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Moorundie was a District densely populated by Natives and in which prior to 1841 no settler had ventured to locate, and where (before I was stationed there) frightful scenes of bloodshed, rapine and hostility between the Natives and Parties coming overland with Stock had been of very frequent occurrence, but where, from the time of my arrival, and up to the date of my leaving not a single case of serious injury or aggression ever took place on the part of the Natives against the Europeans, whilst the district became rapidly and extensively occupied by Settlers and by Stock". Eyre also served as lieutenant-governor for New Zealand, lieutenant-governor for St Vincent (West Indies), governor for Leeward Islands, governor for Antigua and governor-in-chief for Jamaica."> Moorundie was a District densely populated by Natives and in which prior to 1841 no settler had ventured to locate, and where (before I was stationed there) frightful scenes of bloodshed, rapine and hostility between the Natives and Parties coming overland with Stock had been of very frequent occurrence, but where, from the time of my arrival, and up to the date of my leaving not a single case of serious injury or aggression ever took place on the part of the Natives against the Europeans, whilst the district became rapidly and extensively occupied by Settlers and by Stock". Eyre also served as lieutenant-governor for New Zealand, lieutenant-governor for St Vincent (West Indies), governor for Leeward Islands, governor for Antigua and governor-in-chief for Jamaica." />

Edward John Eyre

Edward John Eyre
Edward John Eyre

The Sculpture of Edward John Eyre is found near the southern end of the Mouat Trail in Rumbalara Reserve. Commissioned by Sara Lee Kitchens and the State Bicentennial Commission, this 1.25 scale figurative work was sculptured by Carl Merten. A circular inscription at the base declares this to be 'Edward John Eyre 1815-1901'. Eyre is one of Australia's more famous explorers. A father of 5, he was awarded the founder's gold medal from the Royal Geographical Society in 1847. In 1841, Eyre was appointed as resident magistrate and protector of Aborigines. He summed up his work like this - "Moorundie was a District densely populated by Natives and in which prior to 1841 no settler had ventured to locate, and where (before I was stationed there) frightful scenes of bloodshed, rapine and hostility between the Natives and Parties coming overland with Stock had been of very frequent occurrence, but where, from the time of my arrival, and up to the date of my leaving not a single case of serious injury or aggression ever took place on the part of the Natives against the Europeans, whilst the district became rapidly and extensively occupied by Settlers and by Stock". Eyre also served as lieutenant-governor for New Zealand, lieutenant-governor for St Vincent (West Indies), governor for Leeward Islands, governor for Antigua and governor-in-chief for Jamaica.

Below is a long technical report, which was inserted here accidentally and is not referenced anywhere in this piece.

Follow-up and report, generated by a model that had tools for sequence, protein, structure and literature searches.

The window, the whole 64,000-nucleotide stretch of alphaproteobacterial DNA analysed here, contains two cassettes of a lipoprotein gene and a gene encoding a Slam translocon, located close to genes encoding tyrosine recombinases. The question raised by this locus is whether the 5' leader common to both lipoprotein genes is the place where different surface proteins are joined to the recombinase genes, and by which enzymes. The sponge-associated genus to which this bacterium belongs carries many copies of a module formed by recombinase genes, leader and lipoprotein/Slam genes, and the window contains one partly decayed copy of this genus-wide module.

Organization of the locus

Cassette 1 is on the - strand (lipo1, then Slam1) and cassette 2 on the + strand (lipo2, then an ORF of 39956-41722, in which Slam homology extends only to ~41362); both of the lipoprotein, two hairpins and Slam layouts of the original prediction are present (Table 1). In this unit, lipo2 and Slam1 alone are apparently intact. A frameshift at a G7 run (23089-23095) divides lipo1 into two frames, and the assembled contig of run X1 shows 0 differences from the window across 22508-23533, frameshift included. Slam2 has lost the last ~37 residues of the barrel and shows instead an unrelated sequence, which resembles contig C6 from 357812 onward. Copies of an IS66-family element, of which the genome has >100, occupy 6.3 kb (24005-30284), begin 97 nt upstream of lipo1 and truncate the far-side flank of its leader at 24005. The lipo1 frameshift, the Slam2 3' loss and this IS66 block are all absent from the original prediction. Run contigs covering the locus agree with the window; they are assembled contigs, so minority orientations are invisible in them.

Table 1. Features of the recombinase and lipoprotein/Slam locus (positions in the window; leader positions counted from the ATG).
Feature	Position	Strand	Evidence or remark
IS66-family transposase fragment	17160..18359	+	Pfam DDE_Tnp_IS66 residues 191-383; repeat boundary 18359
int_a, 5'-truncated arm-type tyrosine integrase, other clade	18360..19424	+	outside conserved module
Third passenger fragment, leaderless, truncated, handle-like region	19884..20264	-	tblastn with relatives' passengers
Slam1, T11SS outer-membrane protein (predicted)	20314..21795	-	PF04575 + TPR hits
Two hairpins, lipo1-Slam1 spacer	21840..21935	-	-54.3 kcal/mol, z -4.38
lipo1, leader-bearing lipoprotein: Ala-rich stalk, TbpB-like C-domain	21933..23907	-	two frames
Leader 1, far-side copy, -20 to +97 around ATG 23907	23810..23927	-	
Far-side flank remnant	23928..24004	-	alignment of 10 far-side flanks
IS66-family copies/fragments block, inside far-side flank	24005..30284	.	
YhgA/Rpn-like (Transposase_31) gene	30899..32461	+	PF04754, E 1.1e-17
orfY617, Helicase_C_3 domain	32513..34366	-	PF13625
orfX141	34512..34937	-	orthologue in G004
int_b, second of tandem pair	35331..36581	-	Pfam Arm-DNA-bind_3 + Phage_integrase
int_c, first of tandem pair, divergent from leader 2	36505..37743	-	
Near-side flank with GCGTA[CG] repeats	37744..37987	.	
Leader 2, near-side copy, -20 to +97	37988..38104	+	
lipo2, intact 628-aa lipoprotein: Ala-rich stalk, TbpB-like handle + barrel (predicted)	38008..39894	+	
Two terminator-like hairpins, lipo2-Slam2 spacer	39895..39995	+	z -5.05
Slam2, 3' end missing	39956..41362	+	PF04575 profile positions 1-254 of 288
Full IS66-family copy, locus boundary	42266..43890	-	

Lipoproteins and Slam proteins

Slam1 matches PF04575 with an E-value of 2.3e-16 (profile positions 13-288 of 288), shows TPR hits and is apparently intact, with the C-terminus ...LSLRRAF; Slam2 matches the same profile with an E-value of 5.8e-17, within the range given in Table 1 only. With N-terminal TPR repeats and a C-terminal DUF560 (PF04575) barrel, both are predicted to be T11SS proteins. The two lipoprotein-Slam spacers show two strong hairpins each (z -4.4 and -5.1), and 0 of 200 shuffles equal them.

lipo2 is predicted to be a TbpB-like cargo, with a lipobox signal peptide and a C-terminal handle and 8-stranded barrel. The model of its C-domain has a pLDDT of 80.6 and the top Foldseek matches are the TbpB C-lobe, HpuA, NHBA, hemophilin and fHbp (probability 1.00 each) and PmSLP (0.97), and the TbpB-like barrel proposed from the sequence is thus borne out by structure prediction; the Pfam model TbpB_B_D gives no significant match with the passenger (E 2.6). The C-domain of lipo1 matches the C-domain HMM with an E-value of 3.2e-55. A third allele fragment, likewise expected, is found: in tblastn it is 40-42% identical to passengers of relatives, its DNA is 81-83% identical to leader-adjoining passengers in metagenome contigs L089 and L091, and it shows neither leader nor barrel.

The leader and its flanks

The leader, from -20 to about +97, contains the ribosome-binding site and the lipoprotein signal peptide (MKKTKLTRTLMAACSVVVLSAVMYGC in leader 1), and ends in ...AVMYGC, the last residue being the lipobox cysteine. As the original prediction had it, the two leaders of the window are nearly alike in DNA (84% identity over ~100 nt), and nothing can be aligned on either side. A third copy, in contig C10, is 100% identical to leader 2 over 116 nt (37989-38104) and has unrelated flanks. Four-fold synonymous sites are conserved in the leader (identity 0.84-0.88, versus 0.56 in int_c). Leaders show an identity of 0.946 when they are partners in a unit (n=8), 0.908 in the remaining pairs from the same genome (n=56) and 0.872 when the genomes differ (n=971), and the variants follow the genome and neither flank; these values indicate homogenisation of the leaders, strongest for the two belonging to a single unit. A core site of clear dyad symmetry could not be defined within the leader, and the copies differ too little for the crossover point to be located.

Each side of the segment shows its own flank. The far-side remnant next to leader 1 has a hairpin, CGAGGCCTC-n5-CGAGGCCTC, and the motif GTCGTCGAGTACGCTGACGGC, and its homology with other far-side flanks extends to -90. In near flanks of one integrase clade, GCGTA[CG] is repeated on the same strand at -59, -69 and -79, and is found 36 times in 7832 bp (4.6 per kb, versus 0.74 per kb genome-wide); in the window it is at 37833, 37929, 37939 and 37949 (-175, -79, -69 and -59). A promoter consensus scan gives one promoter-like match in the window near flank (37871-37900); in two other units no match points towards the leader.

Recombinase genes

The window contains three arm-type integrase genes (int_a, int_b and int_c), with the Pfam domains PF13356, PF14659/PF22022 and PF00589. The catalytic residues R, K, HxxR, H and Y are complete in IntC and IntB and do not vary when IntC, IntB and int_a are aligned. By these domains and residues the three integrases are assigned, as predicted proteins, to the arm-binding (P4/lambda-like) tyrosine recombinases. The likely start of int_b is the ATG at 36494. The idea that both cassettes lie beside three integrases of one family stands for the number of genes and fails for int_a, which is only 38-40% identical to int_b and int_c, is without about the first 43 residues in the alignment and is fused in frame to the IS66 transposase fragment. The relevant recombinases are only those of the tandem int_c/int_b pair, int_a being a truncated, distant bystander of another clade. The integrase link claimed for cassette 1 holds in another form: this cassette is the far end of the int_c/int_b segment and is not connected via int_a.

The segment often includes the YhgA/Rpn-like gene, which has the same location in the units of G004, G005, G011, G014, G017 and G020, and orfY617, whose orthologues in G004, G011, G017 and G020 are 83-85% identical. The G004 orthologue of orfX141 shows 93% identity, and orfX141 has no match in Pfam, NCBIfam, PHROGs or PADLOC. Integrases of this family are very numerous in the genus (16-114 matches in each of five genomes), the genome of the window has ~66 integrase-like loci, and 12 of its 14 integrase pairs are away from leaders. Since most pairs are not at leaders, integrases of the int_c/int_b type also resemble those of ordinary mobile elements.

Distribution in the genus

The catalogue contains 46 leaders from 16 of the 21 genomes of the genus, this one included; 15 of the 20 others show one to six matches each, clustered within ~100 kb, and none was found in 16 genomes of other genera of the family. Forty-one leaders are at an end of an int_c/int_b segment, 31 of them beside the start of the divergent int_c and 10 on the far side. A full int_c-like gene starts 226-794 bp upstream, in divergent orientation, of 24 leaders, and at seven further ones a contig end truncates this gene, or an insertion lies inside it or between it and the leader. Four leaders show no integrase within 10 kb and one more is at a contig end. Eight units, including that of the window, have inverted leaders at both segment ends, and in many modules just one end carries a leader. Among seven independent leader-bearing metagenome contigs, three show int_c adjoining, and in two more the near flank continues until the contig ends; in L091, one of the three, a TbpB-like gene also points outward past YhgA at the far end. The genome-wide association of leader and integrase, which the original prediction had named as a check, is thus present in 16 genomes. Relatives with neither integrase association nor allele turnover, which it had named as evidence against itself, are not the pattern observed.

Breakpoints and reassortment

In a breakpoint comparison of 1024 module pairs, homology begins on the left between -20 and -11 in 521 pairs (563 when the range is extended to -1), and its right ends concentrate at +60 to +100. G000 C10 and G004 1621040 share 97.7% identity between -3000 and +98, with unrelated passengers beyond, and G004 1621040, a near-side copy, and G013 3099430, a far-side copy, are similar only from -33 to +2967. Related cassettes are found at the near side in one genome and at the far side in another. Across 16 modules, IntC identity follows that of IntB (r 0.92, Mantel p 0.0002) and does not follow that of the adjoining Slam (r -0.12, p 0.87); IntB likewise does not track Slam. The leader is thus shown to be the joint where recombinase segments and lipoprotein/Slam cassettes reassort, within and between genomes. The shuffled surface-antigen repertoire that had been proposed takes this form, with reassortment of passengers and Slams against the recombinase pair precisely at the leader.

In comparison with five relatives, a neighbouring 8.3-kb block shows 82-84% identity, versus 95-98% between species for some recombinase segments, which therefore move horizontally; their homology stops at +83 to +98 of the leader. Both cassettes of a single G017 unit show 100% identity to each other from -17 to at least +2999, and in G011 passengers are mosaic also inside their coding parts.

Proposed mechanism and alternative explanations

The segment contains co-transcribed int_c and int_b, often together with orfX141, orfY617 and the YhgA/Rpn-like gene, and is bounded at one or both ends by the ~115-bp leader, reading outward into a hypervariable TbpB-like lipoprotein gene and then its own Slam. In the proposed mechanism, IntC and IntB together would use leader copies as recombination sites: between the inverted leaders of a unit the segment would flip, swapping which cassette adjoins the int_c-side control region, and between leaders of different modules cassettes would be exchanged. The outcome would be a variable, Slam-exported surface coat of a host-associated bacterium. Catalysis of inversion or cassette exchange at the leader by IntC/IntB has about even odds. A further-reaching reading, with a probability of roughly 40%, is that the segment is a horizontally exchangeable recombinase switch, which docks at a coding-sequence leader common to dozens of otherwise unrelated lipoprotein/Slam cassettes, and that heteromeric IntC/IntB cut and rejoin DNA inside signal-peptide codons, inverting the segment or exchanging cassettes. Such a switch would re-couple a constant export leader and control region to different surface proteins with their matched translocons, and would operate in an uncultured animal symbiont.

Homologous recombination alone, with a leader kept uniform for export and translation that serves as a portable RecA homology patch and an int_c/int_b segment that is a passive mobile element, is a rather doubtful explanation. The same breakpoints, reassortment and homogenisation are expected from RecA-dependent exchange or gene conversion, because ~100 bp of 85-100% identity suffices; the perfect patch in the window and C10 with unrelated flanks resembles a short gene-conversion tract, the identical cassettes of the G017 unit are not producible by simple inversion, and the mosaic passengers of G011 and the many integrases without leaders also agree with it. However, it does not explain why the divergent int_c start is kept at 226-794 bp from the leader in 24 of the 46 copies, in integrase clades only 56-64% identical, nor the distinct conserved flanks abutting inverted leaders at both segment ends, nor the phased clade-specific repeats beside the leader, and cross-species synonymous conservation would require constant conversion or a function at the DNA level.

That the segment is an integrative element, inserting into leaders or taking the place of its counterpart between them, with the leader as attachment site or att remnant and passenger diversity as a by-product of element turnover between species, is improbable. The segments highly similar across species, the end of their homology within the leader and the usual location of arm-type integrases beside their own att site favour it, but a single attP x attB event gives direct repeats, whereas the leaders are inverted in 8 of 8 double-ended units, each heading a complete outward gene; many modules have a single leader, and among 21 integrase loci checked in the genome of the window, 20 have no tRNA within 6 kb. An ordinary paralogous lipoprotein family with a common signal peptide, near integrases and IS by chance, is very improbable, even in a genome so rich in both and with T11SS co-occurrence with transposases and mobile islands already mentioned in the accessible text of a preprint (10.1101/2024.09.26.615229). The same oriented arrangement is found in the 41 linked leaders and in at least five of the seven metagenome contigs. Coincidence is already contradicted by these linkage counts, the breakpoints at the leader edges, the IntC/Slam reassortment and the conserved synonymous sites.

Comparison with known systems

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The Sculpture of Edward John Eyre is found near the southern end of the Mouat Trail in Rumbalara Reserve. Commissioned by Sara Lee Kitchens and the State Bicentennial Commission, this 1.25 scale figurative work was sculptured by Carl Merten. A circular inscription at the base declares this to be 'Edward John Eyre 1815-1901'. Eyre is one of Australia's more famous explorers. A father of 5, he was awarded the founder's gold medal from the Royal Geographical Society in 1847. In 1841, Eyre was appointed as resident magistrate and protector of Aborigines. He summed up his work like this - "Moorundie was a District densely populated by Natives and in which prior to 1841 no settler had ventured to locate, and where (before I was stationed there) frightful scenes of bloodshed, rapine and hostility between the Natives and Parties coming overland with Stock had been of very frequent occurrence, but where, from the time of my arrival, and up to the date of my leaving not a single case of serious injury or aggression ever took place on the part of the Natives against the Europeans, whilst the district became rapidly and extensively occupied by Settlers and by Stock". Eyre also served as lieutenant-governor for New Zealand, lieutenant-governor for St Vincent (West Indies), governor for Leeward Islands, governor for Antigua and governor-in-chief for Jamaica.